Many authors write because they’re driven to put words together in meaningful and creative ways. Other authors are haunted by stories that compel them to be told in prose. Some authors write because it’s a job they do well and it brings them a good income. Then there are authors who are inspired to teach lessons through their fiction. Mitch Albom is one of the fortunate few authors who successfully embodies each of these creative motivations.
We’ll begin a discussion of fiction written as a teaching tool for life lessons on Wednesday, November 14, and complete the topic on Friday, November 16 when Albom joins us as guest host to discuss his new novel, The Time Keeper.
The Time Keeper is one of those easy reads you can give your grandmother, your teenage niece, or your son’s soccer coach. Each of these people will glean something different, a lesson (or two, or many) that speaks to their individual place in life.
Albom introduces three characters as distinct from each other as autumn leaves on a maple tree. Reaching back to the dawn of human time, we meet Dor, a man who creates a means of measuring time. The means is not the message here; the obsession with the measurement is what traps Dor for an eternity as Father Time. Fast forward to the twenty-first century and we meet Victor, a man at the end of his long life who covets more time, and Sarah, a teenage girl who seeks an end to hers. Both Victor and Sarah have appointments with destiny, each of them contriving to manipulate time. Dor is given an opportunity to redeem himself from the eternal measurement of time if he can intervene in the tragic consequences that hang over Victor and Sarah. Time is stopped, an intervention is made. When time resumes its ticking, not only has the outcome changed for Victor and Sarah, but for Father Time himself.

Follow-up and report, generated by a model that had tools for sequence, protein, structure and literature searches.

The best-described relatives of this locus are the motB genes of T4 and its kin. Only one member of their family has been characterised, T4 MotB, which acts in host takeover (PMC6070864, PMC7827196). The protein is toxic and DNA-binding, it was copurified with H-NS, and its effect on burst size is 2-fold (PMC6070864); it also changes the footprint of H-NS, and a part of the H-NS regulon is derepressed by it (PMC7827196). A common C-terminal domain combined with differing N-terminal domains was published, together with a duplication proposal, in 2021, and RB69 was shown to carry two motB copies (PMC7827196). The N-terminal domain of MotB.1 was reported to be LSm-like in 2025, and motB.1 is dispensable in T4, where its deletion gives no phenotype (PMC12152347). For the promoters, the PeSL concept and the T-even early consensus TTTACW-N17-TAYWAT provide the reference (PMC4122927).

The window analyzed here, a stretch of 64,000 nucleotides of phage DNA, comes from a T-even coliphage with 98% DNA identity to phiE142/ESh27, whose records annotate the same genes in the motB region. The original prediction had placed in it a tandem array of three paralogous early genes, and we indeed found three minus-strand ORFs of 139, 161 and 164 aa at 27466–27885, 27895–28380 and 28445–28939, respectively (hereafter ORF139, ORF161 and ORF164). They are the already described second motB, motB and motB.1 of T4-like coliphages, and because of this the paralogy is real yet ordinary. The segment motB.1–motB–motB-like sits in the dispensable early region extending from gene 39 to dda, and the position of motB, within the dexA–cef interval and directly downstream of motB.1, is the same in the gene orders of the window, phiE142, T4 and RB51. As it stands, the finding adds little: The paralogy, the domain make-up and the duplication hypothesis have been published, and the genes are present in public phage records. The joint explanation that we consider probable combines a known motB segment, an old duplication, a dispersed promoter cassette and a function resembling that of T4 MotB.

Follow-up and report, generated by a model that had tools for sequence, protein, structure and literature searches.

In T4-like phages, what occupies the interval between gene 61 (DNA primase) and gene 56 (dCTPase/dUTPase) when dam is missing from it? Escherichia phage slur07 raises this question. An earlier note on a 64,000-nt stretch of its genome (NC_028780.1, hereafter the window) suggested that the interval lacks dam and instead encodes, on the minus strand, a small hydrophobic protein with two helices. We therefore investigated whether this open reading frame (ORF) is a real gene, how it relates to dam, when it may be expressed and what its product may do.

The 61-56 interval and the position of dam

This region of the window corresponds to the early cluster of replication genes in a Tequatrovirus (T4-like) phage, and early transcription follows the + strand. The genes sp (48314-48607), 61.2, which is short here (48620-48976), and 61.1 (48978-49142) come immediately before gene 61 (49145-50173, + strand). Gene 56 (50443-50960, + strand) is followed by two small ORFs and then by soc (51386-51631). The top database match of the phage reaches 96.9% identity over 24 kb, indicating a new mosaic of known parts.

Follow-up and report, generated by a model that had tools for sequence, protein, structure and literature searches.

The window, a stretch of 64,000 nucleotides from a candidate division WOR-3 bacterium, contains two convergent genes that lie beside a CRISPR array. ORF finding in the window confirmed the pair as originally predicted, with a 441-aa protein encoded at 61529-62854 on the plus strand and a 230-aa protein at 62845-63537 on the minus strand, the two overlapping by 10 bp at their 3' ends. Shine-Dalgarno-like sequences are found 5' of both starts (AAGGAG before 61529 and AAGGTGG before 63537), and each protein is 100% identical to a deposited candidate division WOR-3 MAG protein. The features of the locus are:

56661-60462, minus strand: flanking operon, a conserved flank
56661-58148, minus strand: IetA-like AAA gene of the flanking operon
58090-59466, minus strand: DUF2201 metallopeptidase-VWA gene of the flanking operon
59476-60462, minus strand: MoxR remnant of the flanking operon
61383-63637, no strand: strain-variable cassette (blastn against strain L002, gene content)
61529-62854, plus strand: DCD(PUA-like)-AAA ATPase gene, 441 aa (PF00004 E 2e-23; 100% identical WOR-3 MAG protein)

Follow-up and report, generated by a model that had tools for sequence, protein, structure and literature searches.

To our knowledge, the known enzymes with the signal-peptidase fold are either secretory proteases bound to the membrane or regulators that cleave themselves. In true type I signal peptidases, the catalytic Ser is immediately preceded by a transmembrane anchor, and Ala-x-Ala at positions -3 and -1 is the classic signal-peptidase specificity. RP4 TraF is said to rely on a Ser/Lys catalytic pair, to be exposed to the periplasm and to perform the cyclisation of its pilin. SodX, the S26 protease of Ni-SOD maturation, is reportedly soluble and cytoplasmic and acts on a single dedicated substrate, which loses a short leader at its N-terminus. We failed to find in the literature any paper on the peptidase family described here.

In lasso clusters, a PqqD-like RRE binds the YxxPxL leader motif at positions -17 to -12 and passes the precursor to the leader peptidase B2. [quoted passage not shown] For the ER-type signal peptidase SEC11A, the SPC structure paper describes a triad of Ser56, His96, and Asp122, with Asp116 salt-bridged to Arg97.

Written in Albom’s signature prose, sparse and still pregnant with meaning, The Time Keeper, can be read in one sitting, yet will be remembered long after.
Albom is an internationally renowned and bestselling author, journalist, screenwriter, playwright, radio and television broadcaster and musician. His books have collectively sold over 33 million copies worldwide; have been published in forty-one territories and in forty-two languages around the world; and have been made into Emmy Award-winning and critically-acclaimed television movies.
Albom’s first book, the memoir Tuesdays with Morrie, is the chronicle of Mitch’s time spent with his beloved professor. Albom wrote the book as a labor of love to help pay Morrie’s medical bills. It spent four years on the New York Times Bestseller list and is now the most successful memoir ever published. For One More Day debuted at No.1 on the New York Times Bestseller List and spent nine months on the list. In October 2006, For One More Day was the first book chosen by Starbucks in the newly launched Book Break Program, which also helped fight illiteracy by donating one dollar from every book sold to Jumpstart. Have a Little Faith was released in September 2009 and selected by Oprah.com as the best nonfiction book of 2009.
Follow Mitch Albom on Twitter: @MitchAlbom.